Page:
4

Is there an easy way to store the Euclidian distance between two coordinates?

I want to store the value 4 in a macro, so that I can use it to specify the width of a node.

The easiest way I could think of to to this is to somehow store the output of veclen(x,y) to a macro. I found this line in the tikz-pgf manual

\pgfmathparse{veclen(12,5)} \pgfmathresult

but I can't get it to work.

Does anyone have an idea? I found a couple of answers in this site that have something to do with calculating the distance between coordinates, but they always use the distance inside a specific path and don't store it in a macro to use it later.

5

Here is a simple (?) code that computes the distance and stores it in a variable.

\documentclass{article}
\usepackage{tikz}
\usetikzlibrary{calc}
\makeatletter
\newcommand{\Distance}[3]{% % from https://tex.stackexchange.com/q/56353/121799
\tikz@scan@one@point\pgfutil@firstofone($#1-#2$)\relax  
\pgfmathsetmacro{#3}{round(0.99626*veclen(\the\pgf@x,\the\pgf@y)/0.0283465)/1000}
}% Explanation: the calc library allows us, among other things, to add and
% subtract points, so ($#1-#2$) is simply the difference between the points
% #1 and #2. The combination \tikz@scan@one@point\pgfutil@firstofone extracts
% the coordinates of the new point and stores them in \pgf@x and \pgf@y. 
% They get fed in veclen, and \pgfmathsetmacro stores the result in #3. 
% EDIT: included fudge factor, see https://tex.stackexchange.com/a/22702/121799
\makeatother
\begin{document}
\begin{tikzpicture}
\coordinate (X) at (1,0);
\coordinate (Y) at (3,0);
\draw[-] (X) -- (Y);
\node at (0,2) {\Distance{(X)}{(Y)}{\mylen}\mylen};
\end{tikzpicture}
\end{document}
  • Thanks, that works! I'll try to understand your code which may take me a while since I'm a beginner. – Florian Jan 30 '18 at 18:06
  • @Florian I added an explanation. – user121799 Jan 30 '18 at 18:17
  • Thanks for adding the explaination. Is there a way to eliminate the rounding(?) error? veclen(1,-4) yields 4.12305, and your macro 4.13846. I dont' think the small difference matters for my use of the macro, I'm just curious. – Florian Jan 30 '18 at 18:23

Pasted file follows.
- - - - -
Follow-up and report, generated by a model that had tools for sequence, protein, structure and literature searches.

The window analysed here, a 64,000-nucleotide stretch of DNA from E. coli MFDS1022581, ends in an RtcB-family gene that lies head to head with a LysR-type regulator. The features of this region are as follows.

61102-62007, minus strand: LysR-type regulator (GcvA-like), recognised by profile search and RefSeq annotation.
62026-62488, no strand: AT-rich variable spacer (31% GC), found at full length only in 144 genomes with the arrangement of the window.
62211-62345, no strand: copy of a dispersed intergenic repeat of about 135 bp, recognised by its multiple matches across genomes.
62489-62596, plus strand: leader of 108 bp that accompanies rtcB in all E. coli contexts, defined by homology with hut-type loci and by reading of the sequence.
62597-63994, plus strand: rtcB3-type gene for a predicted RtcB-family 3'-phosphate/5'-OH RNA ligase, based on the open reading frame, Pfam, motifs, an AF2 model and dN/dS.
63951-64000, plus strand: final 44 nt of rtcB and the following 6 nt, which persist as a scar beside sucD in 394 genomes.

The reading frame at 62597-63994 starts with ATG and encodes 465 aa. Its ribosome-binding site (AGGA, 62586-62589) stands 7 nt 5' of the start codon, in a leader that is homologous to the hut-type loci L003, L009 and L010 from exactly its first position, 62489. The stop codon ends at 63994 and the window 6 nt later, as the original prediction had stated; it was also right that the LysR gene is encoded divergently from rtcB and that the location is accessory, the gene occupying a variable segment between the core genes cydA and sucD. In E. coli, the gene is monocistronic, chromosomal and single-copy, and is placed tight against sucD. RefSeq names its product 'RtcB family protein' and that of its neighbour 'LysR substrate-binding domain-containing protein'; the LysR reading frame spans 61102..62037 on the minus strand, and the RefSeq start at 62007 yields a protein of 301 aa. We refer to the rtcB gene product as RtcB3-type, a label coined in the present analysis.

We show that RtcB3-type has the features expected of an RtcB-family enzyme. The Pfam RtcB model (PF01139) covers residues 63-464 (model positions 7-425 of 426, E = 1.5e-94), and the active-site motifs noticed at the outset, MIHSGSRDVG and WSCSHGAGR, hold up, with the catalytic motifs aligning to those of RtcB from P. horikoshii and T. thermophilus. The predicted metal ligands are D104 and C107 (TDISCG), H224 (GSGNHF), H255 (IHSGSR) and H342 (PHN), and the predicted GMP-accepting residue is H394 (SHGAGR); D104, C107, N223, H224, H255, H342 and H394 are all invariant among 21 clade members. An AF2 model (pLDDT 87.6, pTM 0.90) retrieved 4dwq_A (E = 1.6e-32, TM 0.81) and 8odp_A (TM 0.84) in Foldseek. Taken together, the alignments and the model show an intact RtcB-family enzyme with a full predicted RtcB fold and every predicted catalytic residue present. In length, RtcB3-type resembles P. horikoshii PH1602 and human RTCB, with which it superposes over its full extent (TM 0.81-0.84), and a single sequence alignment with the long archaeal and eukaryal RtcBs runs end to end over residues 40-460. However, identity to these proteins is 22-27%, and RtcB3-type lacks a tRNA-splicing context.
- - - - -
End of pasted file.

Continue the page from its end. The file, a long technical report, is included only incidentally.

• @Florian Yes, see the update. – user121799 Jan 30 '18 at 18:31
  • 1
    @PiFisher I am not sure if I understand your question, but internally TikZ is using points. \tikz@scan@one@point\pgfutil@firstofone gets the point (here defined as the difference between two points) and stores its coordinates in \pgf@x and \pgf@y, and the units used there are points. However, the OP wanted cm, that's why I convert. – user121799 Feb 28 '18 at 4:19
4

Either calculate it manually using sqrt(x^2 + y^2) or use veclen as suggested:

enter image description here

\documentclass{article}

\usepackage{tikz}

\begin{document}

% Euclidian distance from (3, 4) to (12, 5)
\pgfmathparse{sqrt((12 - 3)^2 + (5 - 4)^2)}\pgfmathresult

% Euclidian distance from (3, 4) to (12, 5)
\pgfmathparse{veclen(12 - 3, 5 - 4)}\pgfmathresult

\end{document}

There is a rounding difference.

3

For some particular cases you can also use a fit node. This way there's no need for storing the distance value.

\documentclass[tikz,border=2mm]{standalone} 
\usetikzlibrary{positioning, fit}

\begin{document}
\begin{tikzpicture}

\draw[fill=black] circle (1pt) node[below]{(0,0)} -- node[above]{4} ++(4,0) circle (1pt) node[below] {(4,0)};

\node[fit={(0,0) (4,0)}, inner xsep=0pt, draw, minimum height=1cm, anchor=south west] at (0,5mm) (a) {};
\end{tikzpicture}
\end{document}

enter image description here

  • Thanks, I didn't know there is such an option. – Florian Jan 30 '18 at 18:28
  • @Florian, latex is full of options :) – CroCo Jan 31 '18 at 12:30

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